Slowly but surely the truth is coming out on the many measures taken by the Obama administration to suppress information about the Sept. 11, 2012, attack on the U.S. consulate in Benghazi, Libya, that killed four Americans, including Ambassador Chris Stevens. Documents recently obtained under the Freedom of Information Act by Judicial Watch reveal that then-Secretary of State Hillary Clinton’s minions told a British firm under contract to provide security to the Benghazi facility to say nothing to the news media.

State Department contracting officer Jan Visintainer told the firm that “the best way to deal with the inquiries is to either be silent or provide no comments.” This is yet another illustration that President Obama’s promise that his would be the “most transparent administration ever” was no better than the one about being able to keep your health insurance plan and your doctor under Obamacare.

The fact that a State Department official counseled a government contractor not to provide information the public has a right to know under the FOIA highlights that vital law’s biggest flaw: Nobody in government fears the consequences of breaking it. The FOIA requires government officials to do many things to insure that Americans can obtain copies of public documents (subject only to nine exemptions, the most important of which are national security and personal privacy). But there is nothing about going to jail or paying heavy fines for violating the FOIA.

Most civil servants in the federal government are dedicated professionals who work hard to fulfill the millions of requests departments and agencies receive every year. Most of those requests are routine, having to do with things like a family member’s military service records or how a benefits claim was processed. The problem is that higher-ups in government, including political appointees and senior career executives, often are able to exert great influence on how FOIA requests are handled. Whether it’s out of partisan loyalty to a Democratic or Republican president or a career executive seeking to prevent exposure of corruption or incompetence in the bowels of government, such officials can and do bottle up vitally important information and documents about the daily operations of government.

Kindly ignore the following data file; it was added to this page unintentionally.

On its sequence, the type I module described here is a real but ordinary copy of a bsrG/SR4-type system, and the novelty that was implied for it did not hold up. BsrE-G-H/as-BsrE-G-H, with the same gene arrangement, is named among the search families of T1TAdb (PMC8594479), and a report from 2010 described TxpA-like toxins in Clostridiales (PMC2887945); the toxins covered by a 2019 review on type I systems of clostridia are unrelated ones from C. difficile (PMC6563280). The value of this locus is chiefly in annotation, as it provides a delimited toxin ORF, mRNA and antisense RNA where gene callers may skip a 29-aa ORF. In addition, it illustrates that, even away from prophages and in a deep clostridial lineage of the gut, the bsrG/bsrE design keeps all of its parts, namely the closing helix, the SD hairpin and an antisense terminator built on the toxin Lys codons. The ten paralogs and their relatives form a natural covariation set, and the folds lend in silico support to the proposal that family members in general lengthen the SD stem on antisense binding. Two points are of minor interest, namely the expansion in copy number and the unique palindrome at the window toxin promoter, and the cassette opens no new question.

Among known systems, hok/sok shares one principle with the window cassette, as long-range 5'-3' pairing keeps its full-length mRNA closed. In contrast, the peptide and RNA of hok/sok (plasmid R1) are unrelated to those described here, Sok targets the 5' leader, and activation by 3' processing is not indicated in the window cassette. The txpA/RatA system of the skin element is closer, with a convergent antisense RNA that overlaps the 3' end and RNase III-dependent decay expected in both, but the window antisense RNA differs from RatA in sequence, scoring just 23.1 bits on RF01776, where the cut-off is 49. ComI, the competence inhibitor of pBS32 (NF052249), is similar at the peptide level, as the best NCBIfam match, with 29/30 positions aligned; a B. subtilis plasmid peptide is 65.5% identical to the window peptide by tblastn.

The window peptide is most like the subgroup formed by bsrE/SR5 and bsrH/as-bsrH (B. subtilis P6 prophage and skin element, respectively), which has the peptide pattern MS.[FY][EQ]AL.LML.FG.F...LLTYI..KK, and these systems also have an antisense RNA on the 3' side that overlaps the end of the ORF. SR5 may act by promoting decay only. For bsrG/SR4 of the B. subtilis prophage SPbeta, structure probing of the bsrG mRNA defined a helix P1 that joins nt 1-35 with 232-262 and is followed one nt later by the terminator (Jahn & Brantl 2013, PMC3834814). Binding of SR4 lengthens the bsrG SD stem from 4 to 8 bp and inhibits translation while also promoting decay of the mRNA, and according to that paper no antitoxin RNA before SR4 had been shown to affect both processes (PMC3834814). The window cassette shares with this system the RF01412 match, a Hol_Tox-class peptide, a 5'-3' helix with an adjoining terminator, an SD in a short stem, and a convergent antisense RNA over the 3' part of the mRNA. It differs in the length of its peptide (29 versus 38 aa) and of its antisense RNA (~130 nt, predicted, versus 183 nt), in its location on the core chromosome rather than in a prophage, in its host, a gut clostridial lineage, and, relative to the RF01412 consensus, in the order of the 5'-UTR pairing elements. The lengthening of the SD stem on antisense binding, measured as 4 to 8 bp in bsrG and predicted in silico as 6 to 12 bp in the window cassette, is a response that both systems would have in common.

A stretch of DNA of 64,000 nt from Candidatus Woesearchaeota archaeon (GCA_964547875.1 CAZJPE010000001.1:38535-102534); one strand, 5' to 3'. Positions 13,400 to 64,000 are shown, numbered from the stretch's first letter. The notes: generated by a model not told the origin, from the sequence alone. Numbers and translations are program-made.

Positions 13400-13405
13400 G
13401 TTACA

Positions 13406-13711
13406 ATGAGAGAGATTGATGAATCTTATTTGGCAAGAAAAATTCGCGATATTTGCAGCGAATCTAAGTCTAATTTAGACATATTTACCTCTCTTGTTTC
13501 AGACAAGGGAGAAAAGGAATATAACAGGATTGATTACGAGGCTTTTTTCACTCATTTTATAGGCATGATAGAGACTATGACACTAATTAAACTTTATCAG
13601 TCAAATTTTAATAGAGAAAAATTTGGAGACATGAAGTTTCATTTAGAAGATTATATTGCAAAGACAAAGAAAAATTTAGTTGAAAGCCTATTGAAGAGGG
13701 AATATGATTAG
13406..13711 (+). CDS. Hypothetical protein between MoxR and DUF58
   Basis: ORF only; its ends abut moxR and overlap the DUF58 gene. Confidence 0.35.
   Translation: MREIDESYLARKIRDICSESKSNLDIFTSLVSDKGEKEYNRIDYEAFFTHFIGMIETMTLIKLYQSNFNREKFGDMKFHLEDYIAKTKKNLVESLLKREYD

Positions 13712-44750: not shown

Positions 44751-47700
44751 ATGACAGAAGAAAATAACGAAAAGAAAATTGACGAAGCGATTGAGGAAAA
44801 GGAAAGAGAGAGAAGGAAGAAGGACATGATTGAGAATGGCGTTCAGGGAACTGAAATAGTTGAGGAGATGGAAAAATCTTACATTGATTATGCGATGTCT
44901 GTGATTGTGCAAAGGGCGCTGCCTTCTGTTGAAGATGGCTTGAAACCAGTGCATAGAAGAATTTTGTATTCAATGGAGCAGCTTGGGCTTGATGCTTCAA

As David Cay Johnston wrote recently for Newsweek, “Federal agencies routinely flout the 1966 Freedom of Information Act, the so-called Open Government Act of 2007 that strengthens the 1966 law, and Obama's 2009 executive order directing agencies to err on the side of disclosure, not secrecy.” But unlike most federal laws, penalties for violating the FOIA are all but non-existent. There is vague language in the Justice Department's guidance on the FOIA about sanctions that “may be taken against individual agency employees who are found to have acted arbitrarily or capriciously in improperly withholding records. Additionally, the court must award attorney fees and other litigation costs against the government.” Yet, FOIA experts say they cannot recall a single instance of such sanctions being invoked. It's time to give the FOIA some teeth.